by: Wes Ishmael

There may be no more helpless feeling in the world than sitting in a vehicle with the burglar alarm going off—horn honking and lights blinking incessantly—when the driver has gone shopping and taken the keys.

Hooter figured that out when he climbed out of Uncas Bingelmeyer's pickup, which somehow tripped Uncas' customized alarm system. The flashing lights were blinding, the sound deafening—the high-pitched beller of a mad bull in between air horn blasts.

Uncas had pulled into one of those strip malls off the interstate, proclaiming that Chief Daddy's Smoke Shop had the best pipe tobacco at the lowest prices. Hooter had been on the phone and lagged behind.

Everyone stared at Hooter of course, shaking their heads at someone who obviously had no business driving if they couldn't control the horn. It didn't help that the pickup was a motley shade of primer green with a perfect set of Long Horns perched just above the chrome brush guard. Or that there was still Christmas tinsel dangling from the headache rack.

Hooter's first reaction was to stop the incessant racket. He climbed back inside, pulled every knob and pushed every button he could find, opened and closed every door. If anything, the volume increased.

Hooter's next instinct was to find Uncas fast. He ran into the smoke shop. Everyone stopped to stare, somehow knowing he was behind all of the racket. Hooter scanned the shop, no Uncas. He spied a door at the back of the shop for the humidor, burst through it and caused a yuppie-type to singe his nose rather than start the cigar dangling in his mitt.


“You know those things will kill you,” Hooter growled slamming the door on his way back out. All the while, Uncas' burglar alarm kept bellowing. Hooter scanned the store one last time before exiting in high gear.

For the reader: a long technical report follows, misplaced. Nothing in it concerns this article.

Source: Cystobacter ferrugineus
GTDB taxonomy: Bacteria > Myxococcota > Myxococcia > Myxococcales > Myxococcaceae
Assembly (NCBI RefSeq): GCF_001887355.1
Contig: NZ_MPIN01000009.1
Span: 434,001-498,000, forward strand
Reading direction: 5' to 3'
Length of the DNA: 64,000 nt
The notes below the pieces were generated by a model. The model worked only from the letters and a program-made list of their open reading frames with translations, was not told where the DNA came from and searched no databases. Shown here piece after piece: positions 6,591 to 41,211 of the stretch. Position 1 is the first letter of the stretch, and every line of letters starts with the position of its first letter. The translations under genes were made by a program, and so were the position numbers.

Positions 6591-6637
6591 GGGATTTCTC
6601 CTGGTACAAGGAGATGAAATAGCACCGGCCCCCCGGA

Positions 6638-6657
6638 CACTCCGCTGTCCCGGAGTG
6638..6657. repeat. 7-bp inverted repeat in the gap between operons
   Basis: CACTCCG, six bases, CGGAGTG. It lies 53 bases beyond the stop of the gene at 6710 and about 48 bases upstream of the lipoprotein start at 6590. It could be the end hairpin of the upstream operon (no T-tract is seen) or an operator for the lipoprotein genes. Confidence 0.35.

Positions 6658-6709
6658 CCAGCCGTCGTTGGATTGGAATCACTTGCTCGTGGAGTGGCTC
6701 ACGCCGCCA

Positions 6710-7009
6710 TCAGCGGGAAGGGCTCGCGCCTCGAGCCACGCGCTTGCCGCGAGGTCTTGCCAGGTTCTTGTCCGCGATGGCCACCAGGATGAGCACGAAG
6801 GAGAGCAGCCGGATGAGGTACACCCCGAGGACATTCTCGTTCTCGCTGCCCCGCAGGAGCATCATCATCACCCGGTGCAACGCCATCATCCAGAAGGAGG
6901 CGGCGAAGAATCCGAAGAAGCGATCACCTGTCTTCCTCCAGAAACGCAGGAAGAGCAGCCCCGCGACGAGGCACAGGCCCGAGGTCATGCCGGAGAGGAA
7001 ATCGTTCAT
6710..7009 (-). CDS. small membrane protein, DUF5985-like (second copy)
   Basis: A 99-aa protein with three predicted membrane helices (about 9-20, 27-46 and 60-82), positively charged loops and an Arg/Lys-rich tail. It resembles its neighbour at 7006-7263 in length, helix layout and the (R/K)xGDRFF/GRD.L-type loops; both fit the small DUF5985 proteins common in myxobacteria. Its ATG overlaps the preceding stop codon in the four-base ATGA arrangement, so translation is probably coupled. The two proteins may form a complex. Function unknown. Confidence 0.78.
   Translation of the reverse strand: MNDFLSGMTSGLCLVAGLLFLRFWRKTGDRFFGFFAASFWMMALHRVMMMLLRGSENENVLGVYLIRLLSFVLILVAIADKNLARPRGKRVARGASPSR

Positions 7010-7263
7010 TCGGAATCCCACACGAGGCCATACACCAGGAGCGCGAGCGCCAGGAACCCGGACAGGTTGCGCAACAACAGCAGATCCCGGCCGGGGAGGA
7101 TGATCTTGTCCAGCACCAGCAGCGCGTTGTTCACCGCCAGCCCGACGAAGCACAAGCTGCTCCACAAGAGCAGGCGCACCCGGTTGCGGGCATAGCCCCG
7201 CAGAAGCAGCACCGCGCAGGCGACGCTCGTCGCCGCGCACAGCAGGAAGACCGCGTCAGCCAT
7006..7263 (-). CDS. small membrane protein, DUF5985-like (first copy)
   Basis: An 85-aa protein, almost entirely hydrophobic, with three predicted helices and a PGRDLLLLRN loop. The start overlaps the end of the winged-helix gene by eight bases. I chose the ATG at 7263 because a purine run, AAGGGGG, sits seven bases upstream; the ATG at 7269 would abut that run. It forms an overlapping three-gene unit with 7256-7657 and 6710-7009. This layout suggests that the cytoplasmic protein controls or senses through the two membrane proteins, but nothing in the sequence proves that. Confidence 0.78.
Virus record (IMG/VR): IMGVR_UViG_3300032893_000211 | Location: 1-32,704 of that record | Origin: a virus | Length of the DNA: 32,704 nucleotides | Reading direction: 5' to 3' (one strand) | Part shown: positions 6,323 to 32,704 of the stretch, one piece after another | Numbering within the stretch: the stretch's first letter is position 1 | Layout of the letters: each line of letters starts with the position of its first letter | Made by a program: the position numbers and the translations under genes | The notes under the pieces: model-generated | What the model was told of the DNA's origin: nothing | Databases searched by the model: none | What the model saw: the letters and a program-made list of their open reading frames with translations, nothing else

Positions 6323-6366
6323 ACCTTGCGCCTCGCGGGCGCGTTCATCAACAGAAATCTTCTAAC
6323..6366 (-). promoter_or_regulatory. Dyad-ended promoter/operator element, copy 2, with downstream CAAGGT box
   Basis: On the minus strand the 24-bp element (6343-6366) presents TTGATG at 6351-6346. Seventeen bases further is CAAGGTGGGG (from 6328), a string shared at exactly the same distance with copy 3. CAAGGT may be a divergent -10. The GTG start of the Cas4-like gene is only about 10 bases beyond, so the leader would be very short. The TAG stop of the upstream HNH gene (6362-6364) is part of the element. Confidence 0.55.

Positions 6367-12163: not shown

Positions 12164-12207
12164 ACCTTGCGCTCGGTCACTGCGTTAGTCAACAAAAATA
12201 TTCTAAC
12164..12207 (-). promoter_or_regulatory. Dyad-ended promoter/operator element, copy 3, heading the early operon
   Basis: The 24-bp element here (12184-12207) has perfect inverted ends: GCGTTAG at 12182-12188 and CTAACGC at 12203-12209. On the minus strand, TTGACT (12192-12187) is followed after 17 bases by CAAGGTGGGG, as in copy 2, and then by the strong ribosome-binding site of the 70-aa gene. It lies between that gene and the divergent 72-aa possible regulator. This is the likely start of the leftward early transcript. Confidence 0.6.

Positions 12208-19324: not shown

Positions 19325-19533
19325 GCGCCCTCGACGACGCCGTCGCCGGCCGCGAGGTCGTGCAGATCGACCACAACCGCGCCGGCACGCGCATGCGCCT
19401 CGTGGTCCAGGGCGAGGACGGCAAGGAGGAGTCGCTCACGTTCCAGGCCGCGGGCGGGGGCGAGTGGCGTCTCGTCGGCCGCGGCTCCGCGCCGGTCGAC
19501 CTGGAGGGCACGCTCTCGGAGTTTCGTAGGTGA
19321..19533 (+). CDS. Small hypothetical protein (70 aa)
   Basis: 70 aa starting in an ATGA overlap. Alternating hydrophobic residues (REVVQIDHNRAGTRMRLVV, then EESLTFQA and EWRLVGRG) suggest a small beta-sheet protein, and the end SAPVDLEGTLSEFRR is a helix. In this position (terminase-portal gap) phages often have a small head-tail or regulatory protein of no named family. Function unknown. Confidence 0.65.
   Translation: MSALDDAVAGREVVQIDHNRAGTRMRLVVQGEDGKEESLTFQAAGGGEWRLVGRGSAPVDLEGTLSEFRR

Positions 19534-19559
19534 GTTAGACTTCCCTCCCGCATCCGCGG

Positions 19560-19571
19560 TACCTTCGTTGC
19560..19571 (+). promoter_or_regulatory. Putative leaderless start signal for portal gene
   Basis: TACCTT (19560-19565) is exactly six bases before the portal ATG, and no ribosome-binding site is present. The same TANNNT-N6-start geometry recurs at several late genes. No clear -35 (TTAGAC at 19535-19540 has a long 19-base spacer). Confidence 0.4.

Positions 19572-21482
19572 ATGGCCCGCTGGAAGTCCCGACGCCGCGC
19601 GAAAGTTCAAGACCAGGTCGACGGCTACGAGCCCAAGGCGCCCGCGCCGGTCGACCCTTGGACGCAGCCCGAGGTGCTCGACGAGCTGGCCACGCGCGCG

Hooter saw a crowd gathering around the pickup. He looked up and down the sidewalk, no Uncas. If Uncas wasn't in the tobacco shop bathroom, he figured his wayward pal had to be in one of other three shops: Lucy's Hollywood Dress Emporium; Peeper's Video and Novelty; or Frosty's Old Fashioned Malt Shop. Even he couldn't imagine Uncas wanting anything in the other two shops, so he chose the latter.

Same story, second verse: lots of disgusted stares, but no Uncas.

He though about going back to the pickup, but, the flashing lights of a mall cop car encouraged him to find the pickup owner first.

Hooter scampered back to the smoke shop, thinking maybe he'd missed seeing Uncas, or that his wayward buddy had ended up back there. Scowls and the yuppie with the sizzled shnoz glaring at him.

Hooter slammed the door and headed to Peeper's, the closest shop he hadn't yet checked. Two mid-age men dropped whatever they were looking at as soon as they heard the door bell. At least they didn't glare at him. Still no Uncas.

On his way to the last shop, Hooter glanced toward the blaring, flashing spectacle that was Uncas Bingelmeyer's pickup. Evidently such bright lights and loud noises were big news. The mall cop was opening and closing the pickup doors trying to look important.

Hooter burst into the dress shop.

“Good Lord, Hooter, is that any way to enter a respectable business establishment?” scolded Uncas. He turned to the elderly lady behind the counter. “My apologies, Miss Lucy. My friend here doesn't get to town often.”


“Your manners, Hooter, your manners,” said Uncas. “I want you to meet Miss Lucy Hoselhost, the proprietor of this fine store.”